As noted in a previous blog (1), our president has made it clear that he will not passively lapse into “lame duck” status, choosing instead to be very proactive on a variety of fronts. In the process, he is trying to pull off a “triple play”, the active parts of which will be described next.
Going to bat for the middle class: Concern over the state of the economy is slowly ebbing. What has been left behind and is shaping up to be the key issue going into the 2016 campaign is income inequality; a result of 30 years of congressional Republicans’ steady upward transfer of wealth through tax policy and deregulation. So, first and certainly most importantly, Obama is pushing a number of proposals that will help the working poor and middle class; e.g. a raise in the minimum wage, a higher salary “benchmark” to increase the number of individuals eligible for overtime pay, a more middle class-friendly Earned Income Tax Credit.
This multifaceted gambit poses a challenge to the GOP; i.e. either be responsive to the real needs of the average American by cutting deals with the president and thus prove you can govern, or stay on your path of favoring the rich and opposing anything that Obama brings to the table. It is the last half of this challenge that brings us to the second part of the “triple play”.
Pit congressional Republicans against each other: The Republican majority in the House is comprised of about 50 hard-line Tea Party conservatives (2, 3). They can almost surely be counted on to rail against anything that the president proposes and to vehemently oppose any conciliatory moves by their leadership to meet Obama anywhere near “half-way”. This obstruction will create an intramural fight within the party that will make it hard to pass meaningful legislation that addresses the issue of income inequality. In turn, this political “combat” will bleed all the way down to the grassroots level where traditional conservative groups will be arrayed against more reactionary right-wing organizations.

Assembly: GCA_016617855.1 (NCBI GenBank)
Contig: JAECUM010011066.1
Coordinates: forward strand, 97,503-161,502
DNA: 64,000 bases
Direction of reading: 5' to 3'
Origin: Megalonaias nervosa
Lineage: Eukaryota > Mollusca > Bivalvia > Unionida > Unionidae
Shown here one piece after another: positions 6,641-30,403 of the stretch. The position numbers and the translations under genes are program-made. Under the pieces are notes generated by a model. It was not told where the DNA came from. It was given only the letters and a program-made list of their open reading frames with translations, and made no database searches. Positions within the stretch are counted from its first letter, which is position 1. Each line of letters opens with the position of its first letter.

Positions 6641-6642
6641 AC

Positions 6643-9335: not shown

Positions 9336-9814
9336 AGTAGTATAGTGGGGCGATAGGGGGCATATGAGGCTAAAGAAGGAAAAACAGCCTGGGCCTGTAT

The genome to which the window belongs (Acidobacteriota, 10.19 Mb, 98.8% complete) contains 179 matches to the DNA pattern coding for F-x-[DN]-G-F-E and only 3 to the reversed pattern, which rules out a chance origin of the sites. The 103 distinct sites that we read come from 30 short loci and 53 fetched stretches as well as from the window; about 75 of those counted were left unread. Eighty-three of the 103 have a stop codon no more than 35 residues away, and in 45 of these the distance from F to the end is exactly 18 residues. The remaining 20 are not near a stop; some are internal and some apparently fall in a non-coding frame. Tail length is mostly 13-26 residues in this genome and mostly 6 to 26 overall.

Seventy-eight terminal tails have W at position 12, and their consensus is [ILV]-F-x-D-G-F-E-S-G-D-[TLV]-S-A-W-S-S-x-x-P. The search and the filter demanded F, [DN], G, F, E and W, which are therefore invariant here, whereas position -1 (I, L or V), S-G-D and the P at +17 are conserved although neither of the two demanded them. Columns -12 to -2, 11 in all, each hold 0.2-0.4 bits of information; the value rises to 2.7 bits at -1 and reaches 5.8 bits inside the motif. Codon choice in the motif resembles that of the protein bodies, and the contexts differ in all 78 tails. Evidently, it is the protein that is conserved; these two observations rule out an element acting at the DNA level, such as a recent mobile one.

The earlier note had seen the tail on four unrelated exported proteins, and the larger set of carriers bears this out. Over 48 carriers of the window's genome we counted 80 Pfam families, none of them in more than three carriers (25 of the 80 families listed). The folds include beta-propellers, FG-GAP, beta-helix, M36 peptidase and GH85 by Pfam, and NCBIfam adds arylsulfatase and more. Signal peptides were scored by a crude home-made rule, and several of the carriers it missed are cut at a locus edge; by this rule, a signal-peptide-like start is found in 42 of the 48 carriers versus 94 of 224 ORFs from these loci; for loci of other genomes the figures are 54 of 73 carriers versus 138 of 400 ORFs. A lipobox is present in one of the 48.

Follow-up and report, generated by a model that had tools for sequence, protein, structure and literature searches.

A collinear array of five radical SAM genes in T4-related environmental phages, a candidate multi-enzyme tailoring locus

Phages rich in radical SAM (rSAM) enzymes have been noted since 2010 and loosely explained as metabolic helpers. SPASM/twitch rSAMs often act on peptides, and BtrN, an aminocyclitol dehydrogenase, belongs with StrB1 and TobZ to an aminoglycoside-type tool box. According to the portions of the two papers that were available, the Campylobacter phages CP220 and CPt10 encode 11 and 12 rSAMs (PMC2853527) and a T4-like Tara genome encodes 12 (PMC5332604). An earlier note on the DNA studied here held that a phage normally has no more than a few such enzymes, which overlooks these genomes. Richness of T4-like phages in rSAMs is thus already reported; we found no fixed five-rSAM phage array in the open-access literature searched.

Drawing a “road map” for Democrats to follow in the 2016 campaign: In the next 22 months, each of Obama’s proposals that focuses on income inequality will get a thorough public airing. Polls will be taken to gauge the public’s responses (4). The results will tell Democrat candidates what to grab hold of, and how to shape a winning message to their constituents. This will apply no more strikingly than to the party’s presidential nominee. If Republican candidates cannot match that message with a more compelling one, then progressives will likely see another of their own back in the White House and several congressional seats “flipped” back into the “D” column. That could well mean the return of a Democrat majority in the Senate, and a weakening of the GOP’s majority in the House.
1. Recall “The ‘Lame Duck’ is Still Kicking”, published at this site on December 19, 2014.
2. Upon the start of the new Congress earlier this month, a group of approximately 25, of those individuals tried to unseat Speaker John Boehner with someone more sympathetic to Tea Party ideology. This move, which amounted to a coup, failed miserably.
3. Senate Republicans can count among their number, a smaller percentage of Tea Party members (e.g. Ted Cruz, Mike Lee).
4. In the last month, the president’s approval rating has ticked up, and polls also showed that the majority of respondents believe that the Democrats in Congress are more attuned to their needs and concerns.